Whatever her intentions, it’s near impossible to talk about the Black body without getting political, and Critchlow knows it. As a Black woman in Britain (her mother is of mixed Jamaican and British heritage, and her father is Nigerian), it’s something she’s had to contend with her entire life. However, growing up surrounded by her mother’s white family, it was rare that she had anyone to relate to on issues of race. While studying painting at the University of Brighton, she noticed Black figures were absent from the textbooks, lessons, faculty, and student body.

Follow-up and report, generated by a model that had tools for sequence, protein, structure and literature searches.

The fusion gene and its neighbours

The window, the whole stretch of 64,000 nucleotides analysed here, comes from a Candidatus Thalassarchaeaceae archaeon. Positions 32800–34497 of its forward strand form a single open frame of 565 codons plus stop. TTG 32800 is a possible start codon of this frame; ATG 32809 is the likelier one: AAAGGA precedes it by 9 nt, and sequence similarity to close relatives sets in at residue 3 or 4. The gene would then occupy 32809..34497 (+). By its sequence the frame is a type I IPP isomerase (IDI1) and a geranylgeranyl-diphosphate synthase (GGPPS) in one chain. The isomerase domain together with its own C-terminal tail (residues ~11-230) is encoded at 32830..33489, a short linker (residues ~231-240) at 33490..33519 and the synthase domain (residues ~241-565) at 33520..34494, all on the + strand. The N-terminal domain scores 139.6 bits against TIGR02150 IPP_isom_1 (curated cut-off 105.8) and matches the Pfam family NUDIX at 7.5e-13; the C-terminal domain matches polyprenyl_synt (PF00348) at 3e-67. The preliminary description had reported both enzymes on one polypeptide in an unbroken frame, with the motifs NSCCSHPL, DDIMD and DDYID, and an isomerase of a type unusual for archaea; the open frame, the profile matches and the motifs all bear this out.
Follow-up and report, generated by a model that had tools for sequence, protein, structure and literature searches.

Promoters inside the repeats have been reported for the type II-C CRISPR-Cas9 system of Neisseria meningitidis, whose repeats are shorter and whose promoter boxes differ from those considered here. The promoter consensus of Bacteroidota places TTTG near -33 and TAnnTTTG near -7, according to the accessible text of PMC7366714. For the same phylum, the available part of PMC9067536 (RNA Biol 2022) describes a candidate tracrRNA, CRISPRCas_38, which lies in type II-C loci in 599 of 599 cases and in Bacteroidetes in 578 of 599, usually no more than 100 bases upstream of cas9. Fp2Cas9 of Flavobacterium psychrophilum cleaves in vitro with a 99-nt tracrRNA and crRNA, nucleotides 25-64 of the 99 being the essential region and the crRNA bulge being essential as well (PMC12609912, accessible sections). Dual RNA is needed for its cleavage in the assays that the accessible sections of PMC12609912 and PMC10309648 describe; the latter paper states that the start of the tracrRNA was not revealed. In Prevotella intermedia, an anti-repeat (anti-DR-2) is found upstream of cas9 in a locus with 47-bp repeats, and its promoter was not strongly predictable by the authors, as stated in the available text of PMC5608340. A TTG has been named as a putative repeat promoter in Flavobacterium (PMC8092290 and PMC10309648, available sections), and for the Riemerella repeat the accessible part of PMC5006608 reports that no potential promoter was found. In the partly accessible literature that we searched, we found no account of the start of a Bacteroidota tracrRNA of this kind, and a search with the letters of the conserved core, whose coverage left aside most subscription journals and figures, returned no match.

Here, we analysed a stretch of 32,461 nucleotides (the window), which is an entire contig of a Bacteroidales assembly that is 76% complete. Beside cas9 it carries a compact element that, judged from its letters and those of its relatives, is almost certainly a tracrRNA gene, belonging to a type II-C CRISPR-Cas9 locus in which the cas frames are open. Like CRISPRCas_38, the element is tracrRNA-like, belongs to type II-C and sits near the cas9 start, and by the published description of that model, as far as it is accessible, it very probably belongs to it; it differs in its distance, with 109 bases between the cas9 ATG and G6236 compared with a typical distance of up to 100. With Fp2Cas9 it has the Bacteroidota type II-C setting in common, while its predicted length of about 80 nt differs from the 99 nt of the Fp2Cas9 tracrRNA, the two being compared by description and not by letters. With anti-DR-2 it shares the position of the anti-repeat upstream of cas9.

“I’ve never had a Black art teacher ever, and never a Black woman art teacher,” Critchlow said. “When I did my degree, I was always taught to paint white figures, and it got really stressful, so I stopped painting the figure. I don’t think I was mature enough to realize there were so many complicated things going on.”
By the time Critchlow started her post-graduate degree at London’s Royal Drawing School, she’d had enough. “I suddenly realized I was being taught art history in a way in which I never saw or identified with myself, and was projecting that [bias] onto myself, in that I didn’t ever sit and draw myself,” she said.